Who runs non-stop for 108 miles across some of the most brutal terrain in the UK, in the middle of winter, through a storm, with no sleep? And then goes on to be the first woman home?
None other than our very own Detective Sergeant Kendra Wedgwood.
Yes folks, you read it correctly, that’s 108 miles, without sleep, in the middle of winter, across the Pennines. Add in some scary hallucinations for good measure and you have the recipe for an exhilarating ultra trail run.
We are absolutely thrilled and very proud of Kendra as not only did she complete the Spine Challenger, but she went on to be the first woman to finish and was 10th overall, with a completion time of 46 hours and 9 minutes. Competitors are allowed 60 hours to complete the race. Out of 98 starters, she was one of only 29 who finished.
The Spine Challenger starts in the Peak District village of Edale and follows the Pennine Way, ending in Hawes in Wensleydale. Kendra set off a 8am on Saturday 8 January and finished just after 6am on Monday 10 January. The Challenger is part of the gruelling Spine Race series that includes the main 286-mile race traversing the entire length of the Pennine Way, ending in Kirk Yetholm in the Scottish borders.
We gave Kendra a few hours off before we caught up with her to find more and ask a few questions about this extraordinary achievement, what inspired her to take up ultra running and how she juggles what must be an intense training regime with a demanding job, family life and being a mum and step-mum to three children.
First of all Kendra, can you tell us what made you want to take part in a 108-mile race in the middle of winter across some of the most bleak and inhospitable countryside in the UK?
The Spine Challenger is an iconic race and I just wanted to be part of it. I wanted to see how far I could push my body and what the limit was. I think this is a common theme amongst ultra runners. Going through that pain barrier and coming out the other side is very rewarding. Long runs also take you to some beautiful places and you get to talk to like-minded people and you really do feel like part of a big family. A bit like policing. I purposefully set off at the back with absolutely no intention of racing. My only goal was to finish. The drop-out rate is always at least 50 percent and I didn’t want to be part of that group. I found out at Malham Tarn that I was leading lady. At this point I had 26 miles to go which would include climbing Fountains Fell then Pen-y-Ghent, then Cam High Road. I knew it wasn’t going to be easy but I dug in deep with severely blistered feet and a sprained ankle and pushed all the way to the finish. It was worth it.
How long did it take you to train for the Spine Challenger?
In essence two years. In 2020 for my 40th birthday I entered the Hardmoors Superslam which consisted of five races of 30 miles, 55 miles, 60 miles, 80 miles and 110 miles. I was first female (what a great birthday present hey?). I then did some other silly events and in April 2021 I sustained a hip fracture. I was no longer able to run and thought my running days were over. Undeterred, I bought a road bike and began cycling to keep my fitness up. I had lots of intense physio and in November 2021 I made my debut back to running and ran the Hardwolds 80-mile trail race (this is a race across the whole of the Yorkshire Wolds Way) and I not only came first female but I broke the female record. This was unexpected on both counts. I then knew I had the fitness for the Spine Challenger but knew it was going to be the hardest thing I had done to date because of the terrain, the elevation, the kit you had to carry and the amount of time I would be out on my feet. The course is not marked so you have to self-navigate the whole route too. For me the Spine Challenger was going to be more about mental strength than physical strength. When you run 100 miles you can go to some dark places and you need to be able to bring yourself out from them otherwise you will just quit.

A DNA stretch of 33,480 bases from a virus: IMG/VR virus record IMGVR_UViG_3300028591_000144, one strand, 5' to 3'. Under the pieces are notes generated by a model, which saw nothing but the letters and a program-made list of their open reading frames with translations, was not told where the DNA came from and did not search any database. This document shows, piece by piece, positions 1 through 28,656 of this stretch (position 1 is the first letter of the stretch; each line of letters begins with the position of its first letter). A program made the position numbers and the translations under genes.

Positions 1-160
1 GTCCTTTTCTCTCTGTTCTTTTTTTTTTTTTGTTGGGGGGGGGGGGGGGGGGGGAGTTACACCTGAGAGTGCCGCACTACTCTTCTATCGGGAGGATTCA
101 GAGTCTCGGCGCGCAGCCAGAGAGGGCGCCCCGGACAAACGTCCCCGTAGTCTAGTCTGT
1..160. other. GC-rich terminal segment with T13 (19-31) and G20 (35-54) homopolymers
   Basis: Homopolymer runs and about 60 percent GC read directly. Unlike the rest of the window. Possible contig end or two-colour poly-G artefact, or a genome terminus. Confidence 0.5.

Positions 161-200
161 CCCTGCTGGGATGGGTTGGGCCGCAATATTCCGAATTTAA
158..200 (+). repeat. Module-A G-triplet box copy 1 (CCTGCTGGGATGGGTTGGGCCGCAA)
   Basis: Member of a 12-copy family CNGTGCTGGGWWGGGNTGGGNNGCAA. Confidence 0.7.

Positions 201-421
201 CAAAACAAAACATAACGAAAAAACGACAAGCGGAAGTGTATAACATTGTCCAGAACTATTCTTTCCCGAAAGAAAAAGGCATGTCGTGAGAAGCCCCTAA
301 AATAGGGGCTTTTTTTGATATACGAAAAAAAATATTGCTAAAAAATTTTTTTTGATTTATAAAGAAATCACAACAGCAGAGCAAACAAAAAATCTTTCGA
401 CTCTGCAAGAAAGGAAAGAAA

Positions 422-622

What goes through your mind when you first set off?
Every single event I do, I am nervous for. I don’t know if that will ever go. I am always so excited and happy at the start of an event and when the race gets going I am always filled with joy and just grateful to be there. I just absolutely love running and it has transformed my life and so being out in beautiful surroundings doing the thing I love and seeing the look on my son’s face when he is so proud of me, is just amazing.
What was your worst point on the race?
The night before the race started I did not sleep through nerves so when I was on the start line I was already tired. The first night of the race I found myself alone on the moors for eight solid hours. There was a blizzard throughout and my face was taking a battering from the wind and rain. I was cold, wet, trying to navigate and began hallucinating. I kept seeing men which was really scary and I went to some dark places on this first night. I thought about quitting and felt myself falling asleep whilst walking. I just wanted to sleep but because I was out in the open moors with no shelter, I couldn’t find a safe place to bivvi up and get some rest and did not want to become a casualty for the mountain rescue team. I kept promising myself that as soon as the storm died down or I reached a section out of the wind, that I would set up camp and sleep for an hour. However by 8am when the light had come, I bumped into other racers and began engaging in conversation. Life seemed less miserable then and so I ploughed on.
Tell us about the hallucinations, they sound frightening…
The first night when I was alone I kept seeing men everywhere and this was so frightening. The second night, I saw four men who kept appearing (I remember their faces vividly) but I also kept seeing my dogs. I would open a gate and then hold it for my dogs to get through then realise I was hallucinating and shut the gate. At one point I convinced myself my eldest dog was dying because I kept seeing him but I was able to rationalise with myself and remind myself that it was just an hallucination. They are so real even though you know they are hallucinations. Madness. I saw a monkey, a rabbit, a fishing rod, a man in boxing shorts with a white boxing glove, just utter madness ha-ha.